Tag Archives: arcade

Puzzler Essentials: Starsweep

Although the abstract nature of the puzzle game genre makes it theoretically possible to make a game out of pretty much anything, we tend to see a lot of the same sort of thing.

In particular, over the years, we’ve seen a lot of “match dropping things so that their colours match”, “swap things around to make lines of three like-coloured doohickies” and “shoot bubbles at precarious arrangements to make groups of three like-coloured blobs”. As such, it’s always rather pleasing to come across a game that does something a little different from one of these common conventions favoured by the most popular titles in the genre.

Starsweep, a game that originated in Japanese arcades and was subsequently ported to PlayStation and Game Boy, is just the ticket to refresh the jaded puzzle fan.

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Mega Drive Essentials: Burning Force

One of the best things about the Mega Drive — and one of the aspects that makes it a system so enjoyable to revisit — is the prevalence of unabashedly arcade-style games — and indeed arcade ports — in its catalogue.

Namco’s Burning Force is a particularly fun example that offers something a little different from the norm; while received with fairly mediocre reviews on its original release thanks to a superficial resemblance to Sega classic Space Harrier, looking back on it from a modern perspective reveals a pleasingly distinctive shoot ’em up that both looks and plays great even today.

Also it features a pretty girl in a neon pink leotard riding a transforming hoverbike. What’s not to like about that?

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Shmup Essentials: Deep Space Waifu

It may seem faintly sacrilegious to include a game like Deep Space Waifu in the same column as legends such as Thunder Force II, Raiden IV and Dariusburst Chronicle Saviours. But the fact is, this rough-around-the-edges, budget-price affair is actually well worth your time and attention.

Developed by the mysterious “Neko Climax Studios”, whose only online presence appears to be a Facebook page under the ID “@nekohentaiking” and whose credits consist entirely of initials, Deep Space Waifu describes itself as a “casual strip ’em up action game, full of colours and girls”. And, really, that’s pretty much the perfect description.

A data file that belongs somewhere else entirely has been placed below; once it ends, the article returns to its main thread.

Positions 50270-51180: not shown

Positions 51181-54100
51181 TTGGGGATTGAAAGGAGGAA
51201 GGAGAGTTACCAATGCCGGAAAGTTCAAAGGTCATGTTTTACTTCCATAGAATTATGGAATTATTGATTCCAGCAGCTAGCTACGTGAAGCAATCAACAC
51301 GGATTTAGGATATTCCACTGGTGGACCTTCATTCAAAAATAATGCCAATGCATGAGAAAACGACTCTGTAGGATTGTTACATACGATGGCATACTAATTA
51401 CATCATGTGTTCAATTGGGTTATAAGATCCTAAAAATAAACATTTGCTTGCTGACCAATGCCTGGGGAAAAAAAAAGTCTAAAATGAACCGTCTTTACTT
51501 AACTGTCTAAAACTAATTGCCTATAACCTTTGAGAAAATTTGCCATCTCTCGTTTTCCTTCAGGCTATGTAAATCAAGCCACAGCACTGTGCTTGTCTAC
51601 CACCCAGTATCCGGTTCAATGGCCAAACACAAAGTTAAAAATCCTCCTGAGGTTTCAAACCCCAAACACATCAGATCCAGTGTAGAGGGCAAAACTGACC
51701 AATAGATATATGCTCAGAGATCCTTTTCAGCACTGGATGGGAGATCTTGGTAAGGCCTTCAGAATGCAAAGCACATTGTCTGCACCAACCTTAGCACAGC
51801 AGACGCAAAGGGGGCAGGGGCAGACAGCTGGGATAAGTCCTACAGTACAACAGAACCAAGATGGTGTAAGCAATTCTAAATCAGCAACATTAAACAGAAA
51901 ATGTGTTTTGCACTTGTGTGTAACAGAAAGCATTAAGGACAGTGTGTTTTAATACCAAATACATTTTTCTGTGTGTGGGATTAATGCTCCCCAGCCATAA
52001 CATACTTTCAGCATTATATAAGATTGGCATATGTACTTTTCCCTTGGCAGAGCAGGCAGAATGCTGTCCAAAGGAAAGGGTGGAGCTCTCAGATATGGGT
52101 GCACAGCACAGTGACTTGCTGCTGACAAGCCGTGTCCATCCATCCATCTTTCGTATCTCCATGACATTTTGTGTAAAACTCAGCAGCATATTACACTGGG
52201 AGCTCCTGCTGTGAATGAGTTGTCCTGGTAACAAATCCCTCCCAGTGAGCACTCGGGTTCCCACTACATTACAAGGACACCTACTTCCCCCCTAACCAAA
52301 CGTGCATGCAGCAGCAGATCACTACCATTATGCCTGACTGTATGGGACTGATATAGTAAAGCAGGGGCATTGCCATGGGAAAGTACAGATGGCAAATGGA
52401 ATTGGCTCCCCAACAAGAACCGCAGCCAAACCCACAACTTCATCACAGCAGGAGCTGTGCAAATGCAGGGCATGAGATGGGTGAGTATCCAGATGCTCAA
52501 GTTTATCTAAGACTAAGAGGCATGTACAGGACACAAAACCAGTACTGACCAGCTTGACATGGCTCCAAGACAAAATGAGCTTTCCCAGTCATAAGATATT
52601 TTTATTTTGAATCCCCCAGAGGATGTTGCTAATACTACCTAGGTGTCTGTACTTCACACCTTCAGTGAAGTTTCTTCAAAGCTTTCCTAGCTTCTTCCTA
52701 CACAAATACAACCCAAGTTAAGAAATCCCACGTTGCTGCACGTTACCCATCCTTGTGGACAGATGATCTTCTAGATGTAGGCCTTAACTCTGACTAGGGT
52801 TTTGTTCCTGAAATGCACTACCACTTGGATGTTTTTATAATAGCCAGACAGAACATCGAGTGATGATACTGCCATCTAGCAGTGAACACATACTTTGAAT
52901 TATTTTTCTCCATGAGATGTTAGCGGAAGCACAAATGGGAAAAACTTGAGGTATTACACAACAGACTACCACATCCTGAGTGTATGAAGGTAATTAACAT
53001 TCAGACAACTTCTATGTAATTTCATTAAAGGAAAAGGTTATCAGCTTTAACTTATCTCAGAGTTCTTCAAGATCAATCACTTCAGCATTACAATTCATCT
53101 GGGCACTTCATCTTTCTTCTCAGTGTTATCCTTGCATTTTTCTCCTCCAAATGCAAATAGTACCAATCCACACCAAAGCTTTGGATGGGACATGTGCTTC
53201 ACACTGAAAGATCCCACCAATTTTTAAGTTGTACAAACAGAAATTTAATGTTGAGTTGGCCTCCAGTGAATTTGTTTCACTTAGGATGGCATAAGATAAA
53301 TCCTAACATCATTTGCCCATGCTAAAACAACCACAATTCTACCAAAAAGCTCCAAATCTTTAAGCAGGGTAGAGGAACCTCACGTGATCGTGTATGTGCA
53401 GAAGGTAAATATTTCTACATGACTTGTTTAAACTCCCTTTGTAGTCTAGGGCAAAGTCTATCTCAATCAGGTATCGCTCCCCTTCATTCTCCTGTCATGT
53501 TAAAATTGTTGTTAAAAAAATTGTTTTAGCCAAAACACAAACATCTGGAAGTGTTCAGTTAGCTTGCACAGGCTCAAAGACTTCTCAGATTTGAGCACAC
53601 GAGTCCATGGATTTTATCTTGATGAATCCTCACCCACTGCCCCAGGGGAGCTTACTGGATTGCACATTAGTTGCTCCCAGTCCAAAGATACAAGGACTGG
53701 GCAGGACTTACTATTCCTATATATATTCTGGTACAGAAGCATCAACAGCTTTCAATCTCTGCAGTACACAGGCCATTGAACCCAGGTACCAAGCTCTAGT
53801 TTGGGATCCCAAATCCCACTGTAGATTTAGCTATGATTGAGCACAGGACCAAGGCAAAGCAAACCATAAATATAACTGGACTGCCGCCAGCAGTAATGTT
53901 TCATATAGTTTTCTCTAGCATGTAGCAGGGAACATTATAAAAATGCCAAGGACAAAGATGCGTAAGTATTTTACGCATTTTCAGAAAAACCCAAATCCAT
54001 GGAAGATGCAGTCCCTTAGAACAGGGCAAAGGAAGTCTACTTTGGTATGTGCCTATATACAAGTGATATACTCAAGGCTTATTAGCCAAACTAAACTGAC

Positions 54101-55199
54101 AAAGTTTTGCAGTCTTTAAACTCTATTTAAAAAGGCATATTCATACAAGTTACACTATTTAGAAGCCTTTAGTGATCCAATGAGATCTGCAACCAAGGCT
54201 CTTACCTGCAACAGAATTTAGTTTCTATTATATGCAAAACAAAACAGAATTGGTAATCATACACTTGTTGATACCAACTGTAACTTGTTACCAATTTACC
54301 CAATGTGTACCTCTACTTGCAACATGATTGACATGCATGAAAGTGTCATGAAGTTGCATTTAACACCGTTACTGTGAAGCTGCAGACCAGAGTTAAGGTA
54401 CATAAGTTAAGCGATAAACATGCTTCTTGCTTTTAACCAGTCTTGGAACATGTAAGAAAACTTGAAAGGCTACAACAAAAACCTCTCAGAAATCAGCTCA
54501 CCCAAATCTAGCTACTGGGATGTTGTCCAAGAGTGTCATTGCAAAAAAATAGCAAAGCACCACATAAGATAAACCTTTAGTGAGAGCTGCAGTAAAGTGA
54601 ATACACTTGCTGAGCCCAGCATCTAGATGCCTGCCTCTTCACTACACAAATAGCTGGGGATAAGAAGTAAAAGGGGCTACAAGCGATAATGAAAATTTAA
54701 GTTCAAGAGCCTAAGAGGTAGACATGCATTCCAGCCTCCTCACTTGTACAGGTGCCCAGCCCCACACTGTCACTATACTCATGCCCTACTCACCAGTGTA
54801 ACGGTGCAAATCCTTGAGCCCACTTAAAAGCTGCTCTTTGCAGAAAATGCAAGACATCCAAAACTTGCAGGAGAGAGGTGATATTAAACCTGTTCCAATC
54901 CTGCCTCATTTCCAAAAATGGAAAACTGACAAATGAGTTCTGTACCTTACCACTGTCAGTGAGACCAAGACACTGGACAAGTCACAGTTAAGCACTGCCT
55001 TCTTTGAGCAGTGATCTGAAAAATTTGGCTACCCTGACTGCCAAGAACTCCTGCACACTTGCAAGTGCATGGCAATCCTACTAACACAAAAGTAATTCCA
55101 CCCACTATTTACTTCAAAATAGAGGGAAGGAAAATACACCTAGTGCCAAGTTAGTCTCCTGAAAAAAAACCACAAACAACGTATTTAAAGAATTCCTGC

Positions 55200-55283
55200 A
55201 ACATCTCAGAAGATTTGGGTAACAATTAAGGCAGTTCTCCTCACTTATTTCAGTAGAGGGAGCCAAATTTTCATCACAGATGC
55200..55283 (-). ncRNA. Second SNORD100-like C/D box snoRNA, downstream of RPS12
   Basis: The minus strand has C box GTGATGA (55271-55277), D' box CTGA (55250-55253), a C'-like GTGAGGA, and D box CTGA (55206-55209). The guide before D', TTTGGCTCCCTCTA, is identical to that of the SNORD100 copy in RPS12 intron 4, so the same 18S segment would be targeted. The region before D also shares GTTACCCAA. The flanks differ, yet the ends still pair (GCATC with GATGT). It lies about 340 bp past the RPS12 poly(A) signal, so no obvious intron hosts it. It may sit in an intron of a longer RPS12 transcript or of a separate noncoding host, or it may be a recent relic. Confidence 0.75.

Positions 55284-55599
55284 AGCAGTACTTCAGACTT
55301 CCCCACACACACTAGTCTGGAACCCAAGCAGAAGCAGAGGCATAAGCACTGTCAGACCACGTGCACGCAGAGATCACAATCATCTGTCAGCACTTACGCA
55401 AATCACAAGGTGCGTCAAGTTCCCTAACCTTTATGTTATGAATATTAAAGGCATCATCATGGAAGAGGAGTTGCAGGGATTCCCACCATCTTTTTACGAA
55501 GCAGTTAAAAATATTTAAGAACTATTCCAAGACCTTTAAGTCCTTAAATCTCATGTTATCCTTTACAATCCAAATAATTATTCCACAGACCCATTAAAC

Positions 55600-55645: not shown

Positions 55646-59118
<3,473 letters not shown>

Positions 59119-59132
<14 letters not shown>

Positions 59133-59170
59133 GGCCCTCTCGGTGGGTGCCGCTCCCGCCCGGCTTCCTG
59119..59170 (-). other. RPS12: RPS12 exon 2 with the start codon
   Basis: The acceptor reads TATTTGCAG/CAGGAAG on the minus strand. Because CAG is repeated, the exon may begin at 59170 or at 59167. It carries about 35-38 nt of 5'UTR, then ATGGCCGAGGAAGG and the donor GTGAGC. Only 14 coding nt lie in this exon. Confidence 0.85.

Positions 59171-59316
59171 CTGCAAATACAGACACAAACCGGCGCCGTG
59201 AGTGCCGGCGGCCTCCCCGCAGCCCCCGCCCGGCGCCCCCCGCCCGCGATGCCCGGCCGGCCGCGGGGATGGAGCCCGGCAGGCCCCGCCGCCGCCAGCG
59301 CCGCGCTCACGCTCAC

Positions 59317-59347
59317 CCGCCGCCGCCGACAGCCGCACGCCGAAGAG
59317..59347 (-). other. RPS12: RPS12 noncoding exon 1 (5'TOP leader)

At first glance, this appears to be a game that does not take itself at all seriously. But beneath the neon colours, chaotic visual effects and questionable artwork, there’s a surprisingly solid shoot ’em up that has clearly been designed with some care and attention.

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Shmup Essentials: Deathsmiles

Although it’s been rather quiet for a while, the Japanese company Cave has long been known as one of the best developers of modern shoot ’em ups out there.

With most of their titles falling into the danmaku (“bullet hell”) subgenre, their titles have a reputation for being challenging and punishing but highly polished, combining solid mechanics with absolutely beautiful presentation and a delightful blend of “old and new”.

Deathsmiles is one of the company’s most well-regarded recent works, and is a great example of what “frantic shooting” is all about — not to mention a fine showcase for Cave’s mastery of game mechanics that go far beyond simply “shoot everything and don’t die”.

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Shmup Essentials: Dariusburst Chronicle Saviours

A common criticism of arcade-style shoot ’em ups by people who don’t understand that the main “point” of them is to replay them over and over for high scores is that they’re “too short” or “don’t have enough content”.

This is one criticism that most certainly cannot be levelled at Dariusburst Chronicle Saviours, the most recent installment in the long-running shmup series. Featuring a full port of the super-widescreen 32:9 arcade version of Dariusburst Another Chronicle EX — including its 3,000+ stage “Chronicle Mode”, which is communally unlocked by players from all over the world — as well as an all-original 200+ stage “Chronicle Saviours” (usually shortened to just “CS”) mode designed specifically for 16:9 displays and a single player, Dariusburst Chronicle Saviours most certainly isn’t a game you can accuse of being “over in 20 minutes”.

It’s also one of the most expensive shoot ’em ups available in the modern market, even compared to the relatively premium prices that Cave’s back catalogue has historically commanded. But is it worth splashing out on? Spoiler: yes; but read on if you’d like to know more.

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